In August 2021, Fairfax County began an effort to revise the county’s parking requirements laid out in the zoning ordinance—the number of parking spots developers must provide for each type of dwelling unit and business they build. The bottom line is a proposal to be considered by the Board of Supervisors in the coming weeks to reduce those requirements for virtually every situation—none are increased—in the name of “right-sizing” parking.
The ostensible reasons we need these changes are that (a) the internet has changed the way we work and shop so much that we don’t need to drive and (b) the expansion of Metro and other transit has reduced the need to drive. These statements come at a time when:
- Developers added over 2.7 million GSF of new office space under construction in the first half of 2022 per FCEDA, enough space for 9,000 “in-place” work. They aren’t building this office space if they don’t expect to fill it with workers. We expect that growth in office space to continue, especially in areas served by Metro.
- While the Federal Reserve in St. Louis (FRED) reports that nationally online retail has nearly doubled as a share of US consumption (7% to 14%), at $266 billion, it is still less than 20% of total US retail sales value of $1.5 trillion (October 2022). In Fairfax County, sales tax receipts—almost exclusively from in-store transactions—were up 15% from year earlier receipts, so, no, County residents are not hiding in their basements to shop.
- The completion of the Silver Line adds little in the way of transit capability for County residents—it mostly helps Loudoun residents—and bus transit improvements are generally mythical. In fact, in Reston, the current comprehensive plan calls for no added bus service through 2040 although a few shifts were made in existing routes when the Silver Line was completed.
The stated goals of the new parking restriction requirements include the following:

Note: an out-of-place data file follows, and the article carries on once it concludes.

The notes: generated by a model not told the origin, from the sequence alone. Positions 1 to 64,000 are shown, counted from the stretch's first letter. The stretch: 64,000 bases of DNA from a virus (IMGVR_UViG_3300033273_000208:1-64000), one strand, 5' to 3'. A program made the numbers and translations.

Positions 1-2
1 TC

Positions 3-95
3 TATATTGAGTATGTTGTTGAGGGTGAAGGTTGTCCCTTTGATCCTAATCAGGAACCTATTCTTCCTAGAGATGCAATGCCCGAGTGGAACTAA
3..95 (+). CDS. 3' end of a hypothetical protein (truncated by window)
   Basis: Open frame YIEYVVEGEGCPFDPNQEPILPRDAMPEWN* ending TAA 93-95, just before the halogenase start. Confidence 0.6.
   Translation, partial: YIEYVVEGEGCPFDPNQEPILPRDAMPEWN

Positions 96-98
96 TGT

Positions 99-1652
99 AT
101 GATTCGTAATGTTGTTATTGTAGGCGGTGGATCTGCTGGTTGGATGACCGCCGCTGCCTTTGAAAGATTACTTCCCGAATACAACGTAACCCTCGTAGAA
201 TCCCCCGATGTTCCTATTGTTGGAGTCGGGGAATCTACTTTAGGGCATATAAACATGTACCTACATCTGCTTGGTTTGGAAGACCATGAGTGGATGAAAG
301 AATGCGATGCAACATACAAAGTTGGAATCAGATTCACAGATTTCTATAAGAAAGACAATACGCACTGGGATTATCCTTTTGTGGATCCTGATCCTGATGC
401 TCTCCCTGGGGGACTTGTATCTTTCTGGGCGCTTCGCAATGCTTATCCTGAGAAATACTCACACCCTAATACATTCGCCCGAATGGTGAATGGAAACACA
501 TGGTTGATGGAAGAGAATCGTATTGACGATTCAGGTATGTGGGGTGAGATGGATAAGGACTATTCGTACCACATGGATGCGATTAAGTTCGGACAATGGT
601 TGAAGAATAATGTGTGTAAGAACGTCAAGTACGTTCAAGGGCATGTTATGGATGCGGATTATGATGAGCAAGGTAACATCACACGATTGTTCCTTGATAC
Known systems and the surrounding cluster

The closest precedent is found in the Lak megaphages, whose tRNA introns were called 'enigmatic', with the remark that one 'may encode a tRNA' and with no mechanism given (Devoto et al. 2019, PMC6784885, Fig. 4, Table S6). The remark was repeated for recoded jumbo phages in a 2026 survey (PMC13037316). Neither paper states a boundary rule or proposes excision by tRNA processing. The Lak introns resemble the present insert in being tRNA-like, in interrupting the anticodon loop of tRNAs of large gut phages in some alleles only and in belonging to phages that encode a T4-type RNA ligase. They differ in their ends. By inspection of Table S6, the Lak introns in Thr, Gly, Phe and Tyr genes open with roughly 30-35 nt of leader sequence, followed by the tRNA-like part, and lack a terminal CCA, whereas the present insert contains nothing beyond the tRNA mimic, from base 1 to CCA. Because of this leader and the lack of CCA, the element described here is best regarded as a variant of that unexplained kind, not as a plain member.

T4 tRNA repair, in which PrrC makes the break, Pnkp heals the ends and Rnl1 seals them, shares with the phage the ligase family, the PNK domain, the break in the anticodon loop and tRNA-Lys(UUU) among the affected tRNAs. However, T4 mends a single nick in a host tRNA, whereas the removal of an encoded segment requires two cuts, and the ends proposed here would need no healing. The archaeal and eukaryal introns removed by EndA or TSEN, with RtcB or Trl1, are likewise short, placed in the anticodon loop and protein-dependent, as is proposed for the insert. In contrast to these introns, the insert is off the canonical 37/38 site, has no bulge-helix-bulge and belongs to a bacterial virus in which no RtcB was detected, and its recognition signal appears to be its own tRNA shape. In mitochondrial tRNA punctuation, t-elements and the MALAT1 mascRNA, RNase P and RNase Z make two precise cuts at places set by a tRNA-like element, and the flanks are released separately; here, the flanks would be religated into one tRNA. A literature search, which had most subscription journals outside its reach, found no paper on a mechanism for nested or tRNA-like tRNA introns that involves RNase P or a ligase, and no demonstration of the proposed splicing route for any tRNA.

- Equity. “Lowering parking requirements creates opportunities for more walkable, transit-accessible communities benefitting those who do not drive.” Actually, it neither creates a more walkable, bikeable, or transit-accessible community. That can only be achieved by a timely and major investment in transportation infrastructure, an investment the county has so far shown little interest in making. Otherwise, we are chasing the lowest common transportation denominator, lowering the county’s quality of life.
- Affordability. “Lowering parking requirements will reduce development costs and can provide for opportunities for affordable housing.” Yes, the developers must be able to lower their costs even if they will not lower their prices. And the County has had limitless opportunities to provide affordable housing, including numerous policies saying so, but has done little to accomplish that goal because it might cut into property tax revenues.
- Environment. “Reducing parking requirements allows opportunities to provide more green infrastructure for individual sites including open and public spaces, more effective stormwater management, and preservation.” Another “opportunity” that the County has had in abundance, but has done little to achieve and, in some cases, has actually worsened by its failure to carry out established policy, such as the Urban Parks Framework.
- Land-use Site Design. “Reducing the influence of parking enhances placemaking opportunities, creating places where people want to be . . ..” While this goal alleges that it “can reduce the gulf between streets and buildings, making sites more accessible to pedestrians and micromobility vehicles such as bicycles and scooters,” nothing in current parking requirements precludes this from happening nor will anything in the proposed parking reduction ordinance achieve this.